So what is china doing that Nigeria can emulate to build the commercial quality of Nigeria Professional Football League (NPFL):

1.     The Political Will and the Money:
There’s the political will as China have been able to mobilize its capital towards building the commercial quality of China Super League.

There’s money,infrastructure, the passion, the ambition and plenty of potentials in china.

The spending has been encouraged by a government headed by big soccer fan Xi Jinping. Wealthy businessmen get involved in part, to curry favor and craft links with the politicians, but ultimately, to make money.

For instance,  Guangzhou, one of the top clubs in china, may have spent over $150m on players and coaches in 2010, but Evergrande, who bought the club for $16m, sold 50% of it for $190m to Internet giant Ali Baba.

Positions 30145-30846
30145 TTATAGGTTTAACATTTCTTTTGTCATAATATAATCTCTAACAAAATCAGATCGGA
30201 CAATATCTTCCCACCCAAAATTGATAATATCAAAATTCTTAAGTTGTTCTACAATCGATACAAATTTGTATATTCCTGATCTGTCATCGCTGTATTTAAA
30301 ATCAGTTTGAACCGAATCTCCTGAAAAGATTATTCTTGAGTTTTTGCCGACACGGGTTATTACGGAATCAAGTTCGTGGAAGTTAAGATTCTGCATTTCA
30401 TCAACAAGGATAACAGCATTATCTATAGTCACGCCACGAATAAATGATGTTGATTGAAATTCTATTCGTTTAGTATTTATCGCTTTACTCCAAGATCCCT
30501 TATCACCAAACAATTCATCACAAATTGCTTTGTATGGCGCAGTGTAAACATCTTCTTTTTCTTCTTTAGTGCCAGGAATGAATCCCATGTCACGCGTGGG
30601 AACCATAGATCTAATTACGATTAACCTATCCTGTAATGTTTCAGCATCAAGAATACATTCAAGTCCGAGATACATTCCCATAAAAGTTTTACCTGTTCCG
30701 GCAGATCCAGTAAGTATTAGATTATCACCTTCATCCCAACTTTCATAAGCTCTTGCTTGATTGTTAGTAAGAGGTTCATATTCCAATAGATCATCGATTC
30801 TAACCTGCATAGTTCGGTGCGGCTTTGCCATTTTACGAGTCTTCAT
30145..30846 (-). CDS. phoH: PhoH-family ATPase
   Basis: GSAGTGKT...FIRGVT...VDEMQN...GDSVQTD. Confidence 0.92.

-         Question, is Nigerian government ready to play ball? Does people in NFF or LMC have the capacity to mobilize Africa’s richest man, Aliu Dangote and  others alike, to invest in Nigeria league rather than going for Arsenal in the UK?

2.     Favorable Rules and Regulation:
Chinese clubs can offer huge salaries to Renato Augusto, one of the four players from Brazilian Champions Corinthians, to make him move to China with lots of tax rebate.

-         Nigeria football system can be complex with plenty of obnoxious rules and regulations. In china, it’s naked capitalism. There’s lot of money and lots of people happy and willing to see that cash buying players from overseas.

3.     Luring World-class Starters:
China is increasingly able to paying big money. Often too big at the moment, but that is due to necessity more than naivety.

Chinese football is buying regular starters in Europe, Gervinho in Serie A. There’s a mid-table club chasing Zlatan Ibrahimovic and paying Chelsea over $30m for Ramires.

Guangzhou have Ricardo Goulart, only 24 years of age and regarded as one of the top Brazilian prospect a year ago when he left Cruzerio…